I even got my 'NRO Resistance Is Futile' shirt!
Thank you, K-Lo!
Help the People of Burma -- Post this on Your Blog!
Note: This is a new kind of online protest that uses blogs to spread a petition globally. To participate, just add your blog by following the instructions in this blog post.
This not an issue of partisan politics, this is an issue of basic human rights and democracy. Please help to prevent a human tragedy in Burma by adding your blog and asking others to do the same.
By passing this meme on through the blogosphere hopefully we can generate more awareness and avert a serious tragedy. As concerned world-citizens this something we bloggers can do to help.
How to participate:
1. Copy this entire post to your blog, including this special number: 1081081081234
2. After a few days, you can search Google for the number 1081081081234 to find all blogs that are participating in this protest and petition. Note: Google indexes blogs at different rates, so it could take longer for your blog to show up in the results.
THE SITUATION IN BURMA AND WHY IT MATTERS TO ALL OF US
There is no press freedom in Burma and the government has started turning off the Internet and other means of communication, so it is difficult to get news out. Individuals on the ground have been sending their day-by-day reports to the BBC, and they are heartbreaking. I encourage you to read these accounts to see for yourself what is really going on in Burma. Please include this link in your own blog post.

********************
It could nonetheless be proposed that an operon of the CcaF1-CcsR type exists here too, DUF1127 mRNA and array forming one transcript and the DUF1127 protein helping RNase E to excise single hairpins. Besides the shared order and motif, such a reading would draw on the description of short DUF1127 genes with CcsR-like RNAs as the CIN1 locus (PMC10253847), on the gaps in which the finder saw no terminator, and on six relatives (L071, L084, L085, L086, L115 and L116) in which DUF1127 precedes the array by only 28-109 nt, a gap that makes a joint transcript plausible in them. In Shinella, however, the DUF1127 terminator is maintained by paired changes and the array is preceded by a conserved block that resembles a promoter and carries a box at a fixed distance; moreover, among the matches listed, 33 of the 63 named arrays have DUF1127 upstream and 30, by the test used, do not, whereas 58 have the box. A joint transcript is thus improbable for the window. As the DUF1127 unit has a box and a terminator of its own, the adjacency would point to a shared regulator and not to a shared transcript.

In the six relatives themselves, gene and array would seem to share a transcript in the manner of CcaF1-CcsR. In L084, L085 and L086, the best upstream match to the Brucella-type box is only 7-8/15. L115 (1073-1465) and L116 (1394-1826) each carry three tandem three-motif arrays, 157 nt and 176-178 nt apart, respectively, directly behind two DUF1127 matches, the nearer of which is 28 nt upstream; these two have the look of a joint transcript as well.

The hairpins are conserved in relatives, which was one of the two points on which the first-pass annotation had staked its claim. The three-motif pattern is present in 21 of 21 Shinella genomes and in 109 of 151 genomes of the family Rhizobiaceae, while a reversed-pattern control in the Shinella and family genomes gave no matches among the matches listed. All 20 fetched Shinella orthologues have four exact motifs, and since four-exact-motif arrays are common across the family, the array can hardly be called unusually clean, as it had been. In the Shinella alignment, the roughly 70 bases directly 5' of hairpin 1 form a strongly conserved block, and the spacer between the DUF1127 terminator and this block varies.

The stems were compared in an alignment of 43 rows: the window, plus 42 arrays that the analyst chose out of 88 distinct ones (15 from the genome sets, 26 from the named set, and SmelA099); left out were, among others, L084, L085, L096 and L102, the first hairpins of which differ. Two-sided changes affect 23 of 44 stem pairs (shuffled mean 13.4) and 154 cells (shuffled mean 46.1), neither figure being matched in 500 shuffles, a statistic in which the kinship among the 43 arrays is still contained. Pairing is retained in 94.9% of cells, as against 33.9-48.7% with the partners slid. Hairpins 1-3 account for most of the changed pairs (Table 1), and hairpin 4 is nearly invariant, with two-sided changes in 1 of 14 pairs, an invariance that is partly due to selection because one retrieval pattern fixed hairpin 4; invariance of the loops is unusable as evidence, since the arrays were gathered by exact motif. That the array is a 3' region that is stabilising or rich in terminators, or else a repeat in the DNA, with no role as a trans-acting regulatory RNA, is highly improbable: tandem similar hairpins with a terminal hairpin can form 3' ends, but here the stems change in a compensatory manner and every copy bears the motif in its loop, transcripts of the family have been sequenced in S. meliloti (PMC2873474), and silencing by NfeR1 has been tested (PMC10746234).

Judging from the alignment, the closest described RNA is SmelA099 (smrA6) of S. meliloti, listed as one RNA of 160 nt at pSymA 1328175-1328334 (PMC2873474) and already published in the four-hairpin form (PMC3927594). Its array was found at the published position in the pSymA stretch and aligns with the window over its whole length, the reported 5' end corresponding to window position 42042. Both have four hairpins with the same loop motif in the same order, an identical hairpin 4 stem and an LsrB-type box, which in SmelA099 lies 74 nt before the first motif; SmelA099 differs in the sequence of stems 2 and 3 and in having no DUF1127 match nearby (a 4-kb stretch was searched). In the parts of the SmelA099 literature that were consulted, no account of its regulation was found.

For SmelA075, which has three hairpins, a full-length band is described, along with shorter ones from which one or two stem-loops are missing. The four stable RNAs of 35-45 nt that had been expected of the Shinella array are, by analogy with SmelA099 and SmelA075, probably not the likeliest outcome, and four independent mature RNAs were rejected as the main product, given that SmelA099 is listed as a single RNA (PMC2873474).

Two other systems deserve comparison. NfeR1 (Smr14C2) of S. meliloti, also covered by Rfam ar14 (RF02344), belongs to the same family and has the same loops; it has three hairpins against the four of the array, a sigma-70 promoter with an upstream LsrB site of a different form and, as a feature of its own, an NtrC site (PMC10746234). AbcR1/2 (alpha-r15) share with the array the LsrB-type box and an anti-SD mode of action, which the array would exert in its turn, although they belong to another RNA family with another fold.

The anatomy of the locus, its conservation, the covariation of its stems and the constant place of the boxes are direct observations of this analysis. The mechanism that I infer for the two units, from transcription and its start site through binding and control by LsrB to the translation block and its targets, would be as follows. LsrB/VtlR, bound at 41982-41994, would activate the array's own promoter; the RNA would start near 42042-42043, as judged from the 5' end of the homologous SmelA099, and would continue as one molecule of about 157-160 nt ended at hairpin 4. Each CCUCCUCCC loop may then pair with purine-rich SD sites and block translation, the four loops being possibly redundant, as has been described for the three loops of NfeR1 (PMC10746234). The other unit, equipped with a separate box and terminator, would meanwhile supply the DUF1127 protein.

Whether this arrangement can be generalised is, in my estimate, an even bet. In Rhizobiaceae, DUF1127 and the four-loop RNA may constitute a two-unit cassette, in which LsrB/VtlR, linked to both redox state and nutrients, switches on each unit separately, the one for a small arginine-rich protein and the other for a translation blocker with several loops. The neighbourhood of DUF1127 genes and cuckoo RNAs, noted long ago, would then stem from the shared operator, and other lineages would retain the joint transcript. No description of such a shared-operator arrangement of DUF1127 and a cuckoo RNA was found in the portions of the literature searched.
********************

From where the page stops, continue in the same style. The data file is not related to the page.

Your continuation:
The situation in Burma is increasingly dangerous. Hundreds of thousands of unarmed peaceful protesters, including monks and nuns, are risking their lives to march for democracy against an unpopular but well-armed military dictatorship that will stop at nothing to continue its repressive rule. While the generals in power and their families are literally dripping in gold and diamonds, the people of Burma are impoverished, deprived of basic human rights, cut off from the rest of the world, and increasingly under threat of violence.
This week the people of Burma have risen up collectively in the largest public demonstrations against the ruling Junta in decades. It’s an amazing show of bravery, decency, and democracy in action. But although these protests are peaceful, the military rulers are starting to crack down with violence. Already there have been at least several reported deaths, and hundreds of critical injuries from soldiers beating unarmed civilians to the point of death.
The actual fatalities and injuries are probably far worse, but the only news we have is coming from individuals who are sneaking reports past the authorities. Unfortunately it looks like a large-scale blood-bath may ensue and the victims will be mostly women, children, the elderly and unarmed monks and nuns.
Contrary to what the Burmese, Chinese and Russian governments have stated, this is not merely a local internal political issue, it is an issue of global importance and it affects the global community. As concerned citizens, we cannot allow any government anywhere in the world to use its military to attack and kill peacefully demonstrating, unarmed citizens.
In this modern day and age violence against unarmed civilians is unacceptable and if it is allowed to happen, without serious consequences for the perpetrators, it creates a precedent for it to happen again somewhere else. If we want a more peaceful world, it is up to each of us to make a personal stand on these fundamental issues whenever they arise.